Revamp of Census Survey Could Compromise Ability To Assess ACA
A revision to the health insurance questions in the Census Bureau's annual survey could make it difficult for experts to analyze the effect of the Affordable Care Act on uninsured rates, the New York Times reports.
The changes came about after critics said the old survey created flawed results by asking respondents if they had insurance, rather than about their coverage history. Noting that a test of the new questions last year produced lower estimates of the U.S. uninsured rate -- 10.6% compared with 12.5% -- federal officials said the updated survey could make it hard to tell if changes in uninsured rates could be attributed to the ACA or to the survey’s methodology shift.
White House officials reported that 7.5 million individuals signed up for health plans through the ACA's exchanges but have yet to report how many of those people were previously uninsured, had their policies canceled or have paid their first month's premiums. These factors make the true effect of the law and the net increase in coverage unclear, so far, the Times reports.
According to the Times, health policy experts and politicians were relying on the Census Bureau's Current Population Survey to clarify the unknown factors (Pear, New York Times, 4/15).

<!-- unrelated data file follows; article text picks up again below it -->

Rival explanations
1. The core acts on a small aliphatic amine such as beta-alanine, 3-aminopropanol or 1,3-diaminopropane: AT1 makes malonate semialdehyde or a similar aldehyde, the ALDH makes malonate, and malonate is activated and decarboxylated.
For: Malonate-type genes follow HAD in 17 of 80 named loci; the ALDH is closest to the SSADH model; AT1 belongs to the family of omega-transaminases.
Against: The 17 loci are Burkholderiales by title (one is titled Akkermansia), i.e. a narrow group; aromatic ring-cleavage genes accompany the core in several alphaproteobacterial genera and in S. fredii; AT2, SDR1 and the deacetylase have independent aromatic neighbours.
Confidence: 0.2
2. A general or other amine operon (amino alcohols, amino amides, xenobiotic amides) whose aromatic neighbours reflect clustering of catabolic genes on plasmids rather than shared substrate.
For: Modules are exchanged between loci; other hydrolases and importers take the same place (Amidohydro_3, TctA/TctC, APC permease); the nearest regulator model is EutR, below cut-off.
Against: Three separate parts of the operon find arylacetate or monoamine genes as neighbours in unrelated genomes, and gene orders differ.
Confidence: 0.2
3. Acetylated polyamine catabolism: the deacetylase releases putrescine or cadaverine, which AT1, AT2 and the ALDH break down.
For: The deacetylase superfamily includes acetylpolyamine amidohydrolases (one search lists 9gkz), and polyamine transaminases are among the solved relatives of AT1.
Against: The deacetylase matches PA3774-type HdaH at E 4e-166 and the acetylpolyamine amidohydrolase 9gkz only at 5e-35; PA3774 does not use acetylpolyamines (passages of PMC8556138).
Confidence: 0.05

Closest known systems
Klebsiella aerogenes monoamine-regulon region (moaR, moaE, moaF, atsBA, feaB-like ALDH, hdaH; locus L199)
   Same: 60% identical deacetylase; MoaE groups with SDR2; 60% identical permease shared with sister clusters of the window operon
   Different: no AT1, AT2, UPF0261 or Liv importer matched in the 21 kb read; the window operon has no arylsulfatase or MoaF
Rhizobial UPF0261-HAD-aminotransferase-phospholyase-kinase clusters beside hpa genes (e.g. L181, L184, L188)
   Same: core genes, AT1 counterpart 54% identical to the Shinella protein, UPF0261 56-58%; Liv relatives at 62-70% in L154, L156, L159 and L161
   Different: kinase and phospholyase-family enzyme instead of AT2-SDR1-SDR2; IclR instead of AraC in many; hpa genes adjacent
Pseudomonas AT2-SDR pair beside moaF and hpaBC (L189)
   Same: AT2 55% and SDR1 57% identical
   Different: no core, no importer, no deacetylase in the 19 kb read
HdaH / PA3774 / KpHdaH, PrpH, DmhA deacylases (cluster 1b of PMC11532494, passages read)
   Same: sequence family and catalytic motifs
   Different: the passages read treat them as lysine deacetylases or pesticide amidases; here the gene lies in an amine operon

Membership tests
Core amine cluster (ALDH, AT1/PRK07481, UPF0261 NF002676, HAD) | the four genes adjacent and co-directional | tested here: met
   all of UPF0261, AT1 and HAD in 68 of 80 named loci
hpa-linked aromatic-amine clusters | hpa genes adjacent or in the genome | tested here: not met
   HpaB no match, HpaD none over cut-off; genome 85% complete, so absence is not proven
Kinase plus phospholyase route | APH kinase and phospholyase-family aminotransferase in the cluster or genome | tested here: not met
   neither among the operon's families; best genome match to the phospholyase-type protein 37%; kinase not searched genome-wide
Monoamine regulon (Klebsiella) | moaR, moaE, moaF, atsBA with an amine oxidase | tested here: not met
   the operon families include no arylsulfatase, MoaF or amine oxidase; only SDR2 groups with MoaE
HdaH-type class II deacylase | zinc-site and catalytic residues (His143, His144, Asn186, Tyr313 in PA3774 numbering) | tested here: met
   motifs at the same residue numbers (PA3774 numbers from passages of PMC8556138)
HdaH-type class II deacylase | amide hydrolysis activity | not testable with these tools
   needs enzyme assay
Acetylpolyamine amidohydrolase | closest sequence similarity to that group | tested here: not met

Republican lawmakers criticized the changes as an attempt by the Obama administration to mask ACA numbers, The Hill's "Healthwatch" reports. Brendan Buck, a spokesperson for House Speaker John Boehner (R-Ohio), said, "This administration seems to always have some excuse for why it can't provide clear data to show, for all the chaos the law caused, how many uninsured people actually gained coverage."
Administration officials argue the changes were not politically motivated, but rather are aimed at fixing issues with the survey that have existed for years (Viebeck, "Healthwatch," The Hill, 4/15).
An internal Census document obtained by the Times stated "it is coincidental and unfortunate timing" that the survey's revisions occurred at the same time as many of the ACA's key provisions were implemented. It noted, "Ideally ... the redesign would have had at least a few years to gather base line and trend date" (New York Times, 4/15).
Meanwhile, a senior administration official noted that the new survey questions will be used to gather data for 2013, the year before the ACA was implemented. This would mean that uninsured rates in 2012 and 2013 would be difficult to compare, but uninsured rates in 2013 and 2014 -- the years before and after the implementation of the ACA -- could be compared (Kliff, Vox, 4/15).This is part of the California Healthline Daily Edition, a summary of health policy coverage from major news organizations. Sign up for an email subscription.